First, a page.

EGYPT'S once-booming tourist trade, deathly ill from the violence of Islamic militants, has turned for help to 11 of the land's biggest celebrities - themselves already dead for 3,000 years.
They are the royal mummies, the corpses of some of ancient Egypt's mightiest pharaohs and queens, including Ramses II, the greatest monument builder of them all. They were exhibited until 13 years ago, when then-President Anwar Sadat tucked them away out of respect for the dead.
Now, in a move that these savviest of statesmen might well appreciate, Egypt has put them back on display in a bid to save the country's sinking economy.
The much-heralded return of the royals recently to state-of-the art, environmentally monitored, nitrogen-filled, American-made display cases is but one of the government's salvos in its fight to revive tourism, gutted during the last two years amid a string of Islamic attacks.
Blaming a foreign media conspiracy, the government has launched a US$42 million marketing campaign to convince would-be visitors that much of the country is perfectly safe.
Although only four foreign visitors have been among 350 people killed by extremists or police during the uprising, the violence has been enough to send tourism into a tailspin.
Officials say the number of visitors last year was off by more than 20 per cent from 1992 and the number of nights spent by tourists in Egypt down by about 40 per cent.
Merchants estimate the losses are actually much more dramatic. The tourism drop has reportedly cost the Egyptian visitor industry nearly US$1 billion a year, and deprived the country of a key source of foreign currency.
Only the bravest now venture to the fabulous pharaonic monuments of Luxor and Aswan in southern Egypt, a prime travel destination.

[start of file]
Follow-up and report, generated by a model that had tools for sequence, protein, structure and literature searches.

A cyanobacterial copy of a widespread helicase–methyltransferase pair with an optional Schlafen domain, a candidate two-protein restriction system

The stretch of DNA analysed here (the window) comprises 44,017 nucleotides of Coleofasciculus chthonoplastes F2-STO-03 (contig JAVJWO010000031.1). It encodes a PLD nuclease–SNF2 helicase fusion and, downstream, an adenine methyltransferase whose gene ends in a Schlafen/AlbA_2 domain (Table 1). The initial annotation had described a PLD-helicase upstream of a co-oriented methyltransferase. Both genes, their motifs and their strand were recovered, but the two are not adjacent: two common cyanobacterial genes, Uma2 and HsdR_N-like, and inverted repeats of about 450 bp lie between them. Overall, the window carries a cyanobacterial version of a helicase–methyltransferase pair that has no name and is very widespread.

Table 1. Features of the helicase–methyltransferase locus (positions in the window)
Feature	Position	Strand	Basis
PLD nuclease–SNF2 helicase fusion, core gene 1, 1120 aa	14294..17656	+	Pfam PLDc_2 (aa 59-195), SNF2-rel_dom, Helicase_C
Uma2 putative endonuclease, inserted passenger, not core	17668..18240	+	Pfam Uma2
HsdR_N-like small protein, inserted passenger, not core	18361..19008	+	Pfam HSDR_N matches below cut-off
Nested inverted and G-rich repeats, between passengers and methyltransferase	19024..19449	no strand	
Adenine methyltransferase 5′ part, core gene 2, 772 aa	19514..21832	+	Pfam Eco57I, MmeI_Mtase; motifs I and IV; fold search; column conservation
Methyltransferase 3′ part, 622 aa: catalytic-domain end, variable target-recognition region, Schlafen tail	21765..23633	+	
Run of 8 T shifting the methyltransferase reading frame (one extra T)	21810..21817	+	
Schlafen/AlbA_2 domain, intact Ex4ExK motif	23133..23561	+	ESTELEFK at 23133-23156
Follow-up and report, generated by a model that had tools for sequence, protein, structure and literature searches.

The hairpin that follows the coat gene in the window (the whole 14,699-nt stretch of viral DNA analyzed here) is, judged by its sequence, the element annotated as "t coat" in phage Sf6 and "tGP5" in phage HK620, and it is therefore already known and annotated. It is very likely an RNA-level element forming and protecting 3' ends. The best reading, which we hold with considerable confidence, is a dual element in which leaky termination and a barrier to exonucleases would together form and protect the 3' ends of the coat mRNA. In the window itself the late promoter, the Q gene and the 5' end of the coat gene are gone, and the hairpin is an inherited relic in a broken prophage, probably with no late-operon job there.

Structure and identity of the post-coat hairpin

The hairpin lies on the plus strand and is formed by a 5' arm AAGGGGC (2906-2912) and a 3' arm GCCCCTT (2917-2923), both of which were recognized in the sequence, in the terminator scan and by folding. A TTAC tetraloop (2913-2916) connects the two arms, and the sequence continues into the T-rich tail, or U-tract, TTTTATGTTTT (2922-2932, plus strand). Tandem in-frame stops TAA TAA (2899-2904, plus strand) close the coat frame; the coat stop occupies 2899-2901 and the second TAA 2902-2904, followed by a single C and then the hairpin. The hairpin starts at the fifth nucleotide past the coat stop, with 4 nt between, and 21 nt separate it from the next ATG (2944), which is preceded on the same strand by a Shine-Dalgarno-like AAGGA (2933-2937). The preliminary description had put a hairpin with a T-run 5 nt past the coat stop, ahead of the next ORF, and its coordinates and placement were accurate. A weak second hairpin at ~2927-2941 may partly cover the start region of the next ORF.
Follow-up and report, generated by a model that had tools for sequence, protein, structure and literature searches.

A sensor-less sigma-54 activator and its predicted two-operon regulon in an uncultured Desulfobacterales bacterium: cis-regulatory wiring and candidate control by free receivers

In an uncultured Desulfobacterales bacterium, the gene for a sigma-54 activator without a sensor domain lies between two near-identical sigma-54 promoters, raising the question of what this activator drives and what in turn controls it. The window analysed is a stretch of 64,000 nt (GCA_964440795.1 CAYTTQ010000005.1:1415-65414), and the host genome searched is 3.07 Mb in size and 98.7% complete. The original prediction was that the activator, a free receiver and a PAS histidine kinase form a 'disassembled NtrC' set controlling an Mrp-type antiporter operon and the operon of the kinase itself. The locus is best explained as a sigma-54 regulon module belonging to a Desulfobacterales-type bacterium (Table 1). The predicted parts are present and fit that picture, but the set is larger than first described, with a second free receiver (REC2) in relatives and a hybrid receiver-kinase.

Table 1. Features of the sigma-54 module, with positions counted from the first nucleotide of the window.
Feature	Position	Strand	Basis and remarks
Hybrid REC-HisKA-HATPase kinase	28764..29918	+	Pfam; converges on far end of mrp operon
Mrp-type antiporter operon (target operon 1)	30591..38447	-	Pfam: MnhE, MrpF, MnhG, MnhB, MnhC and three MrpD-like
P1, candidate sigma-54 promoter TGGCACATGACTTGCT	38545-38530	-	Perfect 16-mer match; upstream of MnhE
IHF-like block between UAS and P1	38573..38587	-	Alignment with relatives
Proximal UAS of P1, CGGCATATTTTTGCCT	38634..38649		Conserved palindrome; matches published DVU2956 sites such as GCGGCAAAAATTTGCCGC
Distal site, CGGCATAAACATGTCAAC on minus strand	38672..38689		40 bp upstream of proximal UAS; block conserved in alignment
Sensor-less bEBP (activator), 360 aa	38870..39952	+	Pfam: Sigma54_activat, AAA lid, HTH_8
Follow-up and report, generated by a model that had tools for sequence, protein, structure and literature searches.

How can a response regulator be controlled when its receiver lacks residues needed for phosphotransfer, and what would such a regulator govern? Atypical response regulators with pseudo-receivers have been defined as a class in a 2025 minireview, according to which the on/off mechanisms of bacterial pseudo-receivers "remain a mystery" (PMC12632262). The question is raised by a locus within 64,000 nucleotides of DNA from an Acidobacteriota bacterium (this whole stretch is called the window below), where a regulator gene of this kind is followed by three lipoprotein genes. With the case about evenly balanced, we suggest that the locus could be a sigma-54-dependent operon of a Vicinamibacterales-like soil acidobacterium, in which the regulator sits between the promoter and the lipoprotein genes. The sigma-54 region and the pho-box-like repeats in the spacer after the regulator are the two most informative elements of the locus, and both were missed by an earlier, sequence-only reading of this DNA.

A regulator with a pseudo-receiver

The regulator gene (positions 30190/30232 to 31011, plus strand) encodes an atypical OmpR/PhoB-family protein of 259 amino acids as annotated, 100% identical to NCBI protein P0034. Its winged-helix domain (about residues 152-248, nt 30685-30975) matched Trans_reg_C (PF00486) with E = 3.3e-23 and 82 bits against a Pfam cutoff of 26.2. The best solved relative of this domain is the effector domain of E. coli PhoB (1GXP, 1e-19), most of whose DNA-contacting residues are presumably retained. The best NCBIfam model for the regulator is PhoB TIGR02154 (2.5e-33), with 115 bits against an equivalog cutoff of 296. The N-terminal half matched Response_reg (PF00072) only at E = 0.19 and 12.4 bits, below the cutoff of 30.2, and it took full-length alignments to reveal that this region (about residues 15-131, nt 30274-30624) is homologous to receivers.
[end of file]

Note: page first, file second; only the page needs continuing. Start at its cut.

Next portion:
Up to three-quarters of the residents there earned their livelihood from tourism, but now many sit idly drinking tea in the bazaar. And the grand tombs of ancient kings and queens, once crowded with curiosity-seekers, are now little more than ghost towns.
The Egyptian government is also polishing up its renowned antiquities to woo visitors back to traditional sites. Lights are being installed in the Valley of the Kings, the magnificent complex of desert tombs outside Luxor, to allow night tours.
In Cairo, plans are proceeding for a museum of civilisation, which traces Egyptian culture back over the millenniums.
But the return of the royal mummies at Cairo's Egyptian Museum is the star attraction of the new promotion campaign.
First disturbed in 1881 after 3,000 years in a burial chamber under the ancient imperial capital Thebes in southern Egypt, they have been installed in a modern, dimly lit mausoleum of marble floors and limestone walls.
The mummies, displayed in low, illuminated cases, recline with arms crossed on their chests. Feet and fingers protrude from the wound wrapping.
Reigning at the centre of the chamber is Ramses II, pharaoh for 67 years in the 13th century BC, and king of Shelley's poem Ozymandias.
His left arm is slightly outstretched. His hair is wispy above the temples and his cheekbones are high.
Daily attendance at the museum this time of year has plummeted from 5,000 a day to about 2,000 during the last few years, according to the curator. Now, the museum is preparing to open another room with 16 more mummies.
Egypt took tourists, like the pyramids, for granted. No more. Now, by displaying the mummies, Egypt hopes to convey that the country remains a centre of civilisation despite the growing tyranny of Islamic extremism.